The Minister for Finance Edward Scicluna officially inaugurated a new Regional Office and motor claims surveying centre in Birkirkara, which will be jointly operated by Middlesea Insurance and MSV Life.
During the inauguration, the Minister for Finance delivered a brief speech, alongside Mr Martin Galea, Chairman of Middlesea Insurance p.l.c., Mr Alfredo Munoz Perez, Chief Executive Officer of Middlesea Insurance plc, and Mr David Curmi, CEO of MSV life.
During his address, Minister Scicluna said that: “It is always encouraging seeing operators branching out on the ground, establishing new premises, moving closer to their clients and creating both economic growth as well as jobs.”
“It shows that the sector is not only doing well, but prospering and expanding, something that bodes well for the economy as a whole,” he underlined.
The Minister said that the insurance sector is a growing sector in our country. He added that Malta is now home to over 60 insurance and reinsurance companies and the volume of business, in terms of total assets under management, has passed the €10 billion mark. Life insurance now also accounts for over €1 billion of annual premium, 80 percent of which is down to international business.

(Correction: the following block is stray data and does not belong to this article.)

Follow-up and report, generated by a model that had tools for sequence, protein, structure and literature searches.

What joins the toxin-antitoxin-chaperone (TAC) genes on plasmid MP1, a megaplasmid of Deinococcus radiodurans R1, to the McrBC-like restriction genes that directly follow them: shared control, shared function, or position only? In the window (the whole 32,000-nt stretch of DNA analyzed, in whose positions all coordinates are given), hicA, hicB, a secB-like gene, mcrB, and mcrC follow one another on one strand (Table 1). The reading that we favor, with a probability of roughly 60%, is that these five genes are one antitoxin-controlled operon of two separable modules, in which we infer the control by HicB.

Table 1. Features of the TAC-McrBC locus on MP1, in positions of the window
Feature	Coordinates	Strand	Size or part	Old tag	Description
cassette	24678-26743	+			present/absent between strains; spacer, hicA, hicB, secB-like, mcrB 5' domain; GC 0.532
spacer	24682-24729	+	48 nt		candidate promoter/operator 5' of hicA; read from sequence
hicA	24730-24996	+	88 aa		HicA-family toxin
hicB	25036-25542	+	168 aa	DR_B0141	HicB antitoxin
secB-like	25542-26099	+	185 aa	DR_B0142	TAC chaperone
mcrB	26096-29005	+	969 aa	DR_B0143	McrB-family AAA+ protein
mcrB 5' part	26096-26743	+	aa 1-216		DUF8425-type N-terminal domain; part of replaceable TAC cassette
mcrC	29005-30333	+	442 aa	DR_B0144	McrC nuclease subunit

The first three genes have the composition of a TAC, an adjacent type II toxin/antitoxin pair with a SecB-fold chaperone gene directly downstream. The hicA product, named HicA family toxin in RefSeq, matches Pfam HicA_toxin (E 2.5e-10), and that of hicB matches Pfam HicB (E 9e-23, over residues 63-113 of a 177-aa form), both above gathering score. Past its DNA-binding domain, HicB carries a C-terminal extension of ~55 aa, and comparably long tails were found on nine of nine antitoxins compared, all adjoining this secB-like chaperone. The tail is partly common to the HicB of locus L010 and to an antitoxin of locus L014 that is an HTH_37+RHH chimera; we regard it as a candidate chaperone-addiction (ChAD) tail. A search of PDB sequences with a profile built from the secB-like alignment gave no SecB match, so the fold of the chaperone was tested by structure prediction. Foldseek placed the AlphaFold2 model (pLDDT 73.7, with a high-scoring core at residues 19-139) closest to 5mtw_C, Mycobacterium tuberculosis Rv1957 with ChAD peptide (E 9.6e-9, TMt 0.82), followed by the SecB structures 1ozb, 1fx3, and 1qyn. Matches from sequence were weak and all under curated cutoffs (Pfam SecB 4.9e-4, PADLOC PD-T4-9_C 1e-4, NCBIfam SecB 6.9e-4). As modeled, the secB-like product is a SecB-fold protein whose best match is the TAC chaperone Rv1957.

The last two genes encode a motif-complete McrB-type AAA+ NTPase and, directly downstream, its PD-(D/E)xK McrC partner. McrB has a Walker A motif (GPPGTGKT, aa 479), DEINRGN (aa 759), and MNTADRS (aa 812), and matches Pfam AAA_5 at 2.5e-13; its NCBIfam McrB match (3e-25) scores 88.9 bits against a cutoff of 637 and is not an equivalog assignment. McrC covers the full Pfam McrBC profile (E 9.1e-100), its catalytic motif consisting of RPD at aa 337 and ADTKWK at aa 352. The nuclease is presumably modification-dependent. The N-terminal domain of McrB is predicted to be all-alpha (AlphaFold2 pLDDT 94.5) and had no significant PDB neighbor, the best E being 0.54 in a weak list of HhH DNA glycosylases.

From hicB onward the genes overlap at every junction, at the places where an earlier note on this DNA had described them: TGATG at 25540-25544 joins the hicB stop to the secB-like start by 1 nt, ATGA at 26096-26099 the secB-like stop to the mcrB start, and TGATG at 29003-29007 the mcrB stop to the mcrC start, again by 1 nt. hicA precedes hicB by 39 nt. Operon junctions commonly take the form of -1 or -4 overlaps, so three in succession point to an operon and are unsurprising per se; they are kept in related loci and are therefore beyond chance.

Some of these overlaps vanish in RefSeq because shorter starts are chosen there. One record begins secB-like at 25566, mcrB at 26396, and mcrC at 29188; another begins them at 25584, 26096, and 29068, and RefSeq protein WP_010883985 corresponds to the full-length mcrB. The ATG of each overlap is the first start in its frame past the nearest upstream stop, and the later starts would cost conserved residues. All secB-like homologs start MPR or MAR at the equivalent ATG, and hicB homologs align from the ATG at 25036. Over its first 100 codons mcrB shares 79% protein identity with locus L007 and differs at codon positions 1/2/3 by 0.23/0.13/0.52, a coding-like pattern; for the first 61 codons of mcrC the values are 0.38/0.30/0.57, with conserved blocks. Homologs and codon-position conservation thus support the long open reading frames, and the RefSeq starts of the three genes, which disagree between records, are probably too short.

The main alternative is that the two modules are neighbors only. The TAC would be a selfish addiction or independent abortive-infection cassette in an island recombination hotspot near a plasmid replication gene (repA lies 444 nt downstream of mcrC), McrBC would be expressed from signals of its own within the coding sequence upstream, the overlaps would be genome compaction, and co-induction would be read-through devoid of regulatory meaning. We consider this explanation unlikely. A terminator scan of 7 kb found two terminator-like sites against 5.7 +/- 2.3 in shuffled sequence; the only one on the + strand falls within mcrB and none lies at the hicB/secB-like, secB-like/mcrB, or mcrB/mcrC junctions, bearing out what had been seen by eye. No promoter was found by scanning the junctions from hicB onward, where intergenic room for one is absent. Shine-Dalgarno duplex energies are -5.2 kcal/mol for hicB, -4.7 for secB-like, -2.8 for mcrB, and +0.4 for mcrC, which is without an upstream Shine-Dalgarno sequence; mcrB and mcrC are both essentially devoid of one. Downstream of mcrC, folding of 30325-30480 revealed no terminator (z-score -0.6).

While noting that both the government and the private sector should be satisfied with these results, he emphasized that this would not have been possible without Malta’s sound and robust regulatory framework.
He noted that while these may be restrictive and incur financial burdens on operators, regulations are essential in order to ensure robust practices.
The Minister said that just a day before the Parliament was discussing the second reading of a proposed bill that is intended to amend the Act on Commercial Banking, which aims to transpose the CRD IV into local legislation.
The Minister remarked that the after-effects of the financial crisis are being felt to this day, which even spiralled into sovereign debts. He noted that this resulted in a stronger push for more rigorous and restrictive regulation to avoid such a scenario in the future.
Among these are stronger capital requirements, more liquidity requirements, and restrictions on board members and so on, he said.
He noted that with the introduction of the Solvency II Directive, it is the insurance industry’s turn to come under more robust regulatory requirements, which will then be implemented early next year.
The Minister said that while Malta weathered the financial storm well, a more robust regulatory framework will ultimately benefit the sector, the operators, and their clients.
Saturday 7th March 2015